Are you a Christian?
PREVIOUS CHAPTER - NEXT CHAPTER - HELP - FACEBOOK - GR FORUMS - GODRULES ON YOUTUBE
Ex 3:1-22. DIVINE APPEARANCE AND COMMISSION TO MOSES.
1. Now Moses kept the flock--This employment he had entered on
in furtherance of his matrimonial views (see on
but it is probable he was continuing his service now on other terms
like Jacob during the latter years of his stay with Laban
2, 3. the angel of the Lord appeared unto him in a flame of
fire--It is common in Scripture to represent the elements and
operations of nature, as winds, fires, earthquakes, pestilence,
everything enlisted in executing the divine will, as the "angels" or
messengers of God. But in such cases God Himself is considered as
really, though invisibly, present. Here the preternatural fire may be
primarily meant by the expression "angel of the Lord"; but it is clear
that under this symbol, the Divine Being was present, whose name is
(Ex 3:4, 6),
and elsewhere called the angel of the covenant, Jehovah-Jesus.
4. when the Lord saw that he turned aside to see--The manifestations which God anciently made of Himself were always accompanied by clear, unmistakable signs that the communications were really from heaven. This certain evidence was given to Moses. He saw a fire, but no human agent to kindle it; he heard a voice, but no human lips from which it came; he saw no living Being, but One was in the bush, in the heat of the flames, who knew him and addressed him by name. Who could this be but the Divine Being?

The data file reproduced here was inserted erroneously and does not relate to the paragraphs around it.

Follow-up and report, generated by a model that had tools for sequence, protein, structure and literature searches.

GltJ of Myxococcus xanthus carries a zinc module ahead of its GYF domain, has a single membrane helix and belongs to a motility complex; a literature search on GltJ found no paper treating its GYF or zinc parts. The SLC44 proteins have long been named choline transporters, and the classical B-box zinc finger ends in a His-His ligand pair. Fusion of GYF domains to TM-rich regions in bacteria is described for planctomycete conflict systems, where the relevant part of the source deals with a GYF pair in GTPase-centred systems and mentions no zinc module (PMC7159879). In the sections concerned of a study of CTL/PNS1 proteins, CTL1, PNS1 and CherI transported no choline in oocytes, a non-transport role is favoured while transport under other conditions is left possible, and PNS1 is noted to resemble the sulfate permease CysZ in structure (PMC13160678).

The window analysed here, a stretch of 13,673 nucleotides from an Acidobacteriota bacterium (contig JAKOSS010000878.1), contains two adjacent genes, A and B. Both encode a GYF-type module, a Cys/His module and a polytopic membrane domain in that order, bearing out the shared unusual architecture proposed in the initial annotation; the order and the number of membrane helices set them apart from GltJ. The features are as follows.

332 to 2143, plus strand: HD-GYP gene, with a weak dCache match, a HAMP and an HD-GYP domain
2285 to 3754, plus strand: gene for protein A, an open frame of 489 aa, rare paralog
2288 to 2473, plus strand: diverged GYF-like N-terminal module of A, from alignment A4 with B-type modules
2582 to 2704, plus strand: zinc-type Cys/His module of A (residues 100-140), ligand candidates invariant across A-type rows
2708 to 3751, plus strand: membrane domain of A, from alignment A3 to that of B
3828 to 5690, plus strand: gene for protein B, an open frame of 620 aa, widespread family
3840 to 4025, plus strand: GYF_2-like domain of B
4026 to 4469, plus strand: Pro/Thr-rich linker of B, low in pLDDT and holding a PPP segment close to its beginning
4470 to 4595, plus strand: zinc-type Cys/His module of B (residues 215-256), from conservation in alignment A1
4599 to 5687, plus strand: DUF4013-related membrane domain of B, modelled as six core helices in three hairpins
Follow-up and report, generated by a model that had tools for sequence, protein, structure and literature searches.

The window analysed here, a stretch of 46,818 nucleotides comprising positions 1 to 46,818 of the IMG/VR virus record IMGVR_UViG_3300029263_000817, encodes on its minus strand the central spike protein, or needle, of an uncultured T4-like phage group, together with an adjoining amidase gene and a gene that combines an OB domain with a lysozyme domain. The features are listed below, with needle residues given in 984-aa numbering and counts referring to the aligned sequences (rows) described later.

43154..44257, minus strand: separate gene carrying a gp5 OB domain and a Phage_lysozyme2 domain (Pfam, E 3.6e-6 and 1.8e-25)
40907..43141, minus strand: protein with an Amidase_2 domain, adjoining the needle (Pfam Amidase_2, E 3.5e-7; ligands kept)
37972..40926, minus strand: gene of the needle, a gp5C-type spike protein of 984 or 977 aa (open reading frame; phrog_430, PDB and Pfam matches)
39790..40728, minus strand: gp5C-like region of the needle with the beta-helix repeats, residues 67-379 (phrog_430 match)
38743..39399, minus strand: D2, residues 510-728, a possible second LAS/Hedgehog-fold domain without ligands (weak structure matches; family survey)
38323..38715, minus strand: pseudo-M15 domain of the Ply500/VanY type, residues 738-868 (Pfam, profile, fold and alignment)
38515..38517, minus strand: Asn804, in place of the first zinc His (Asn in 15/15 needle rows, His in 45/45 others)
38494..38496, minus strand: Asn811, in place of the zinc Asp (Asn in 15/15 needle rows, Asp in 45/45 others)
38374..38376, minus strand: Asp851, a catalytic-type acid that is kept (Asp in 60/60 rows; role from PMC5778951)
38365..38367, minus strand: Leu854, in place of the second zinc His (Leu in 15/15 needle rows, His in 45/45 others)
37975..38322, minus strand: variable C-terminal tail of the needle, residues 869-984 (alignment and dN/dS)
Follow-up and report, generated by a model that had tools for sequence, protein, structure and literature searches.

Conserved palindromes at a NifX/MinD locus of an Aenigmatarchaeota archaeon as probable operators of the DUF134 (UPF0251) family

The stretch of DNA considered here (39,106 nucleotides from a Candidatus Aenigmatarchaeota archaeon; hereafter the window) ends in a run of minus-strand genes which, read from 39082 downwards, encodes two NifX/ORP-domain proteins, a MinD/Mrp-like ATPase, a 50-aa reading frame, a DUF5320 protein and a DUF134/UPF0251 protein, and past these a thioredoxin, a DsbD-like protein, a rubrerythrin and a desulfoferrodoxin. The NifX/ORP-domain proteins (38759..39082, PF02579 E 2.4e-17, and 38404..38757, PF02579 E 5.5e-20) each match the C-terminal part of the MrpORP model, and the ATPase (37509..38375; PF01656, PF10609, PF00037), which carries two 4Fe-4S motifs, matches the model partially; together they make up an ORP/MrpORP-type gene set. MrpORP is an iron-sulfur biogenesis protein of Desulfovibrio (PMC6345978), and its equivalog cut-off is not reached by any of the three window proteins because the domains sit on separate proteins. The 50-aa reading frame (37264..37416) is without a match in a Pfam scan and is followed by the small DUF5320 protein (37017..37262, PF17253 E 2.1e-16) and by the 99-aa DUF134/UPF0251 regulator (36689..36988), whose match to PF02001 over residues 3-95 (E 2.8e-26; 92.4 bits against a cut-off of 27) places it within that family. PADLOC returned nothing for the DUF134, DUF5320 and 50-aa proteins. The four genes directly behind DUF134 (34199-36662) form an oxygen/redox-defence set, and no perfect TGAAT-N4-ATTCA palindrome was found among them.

5. put off thy shoes--The direction was in conformity with a usage which was well known to Moses, for the Egyptian priests observed it in their temples, and it is observed in all Eastern countries where the people take off their shoes or sandals, as we do our hats. But the Eastern idea is not precisely the same as the Western. With us, the removal of the hat is an expression of reverence for the place we enter, or rather of Him who is worshipped there. With them the removal of the shoes is a confession of personal defilement and conscious unworthiness to stand in the presence of unspotted holiness.
6-8. I am the God . . . come down to deliver--The reverential awe of Moses must have been relieved by the divine Speaker (see Mt 22:32), announcing Himself in His covenant character, and by the welcome intelligence communicated. Moreover, the time, as well as all the circumstances of this miraculous appearance, were such as to give him an illustrious display of God's faithfulness to His promises. The period of Israel's journey and affliction in Egypt had been predicted (Ge 15:13), and it was during the last year of the term which had still to run that the Lord appeared in the burning bush.
10-22. Come now therefore, and I will send thee--Considering the patriotic views that had formerly animated the breast of Moses, we might have anticipated that no mission could have been more welcome to his heart than to be employed in the national emancipation of Israel. But he evinced great reluctance to it and stated a variety of objections [Ex 3:11, 13; 4:1, 10] all of which were successfully met and removed--and the happy issue of his labors was minutely described.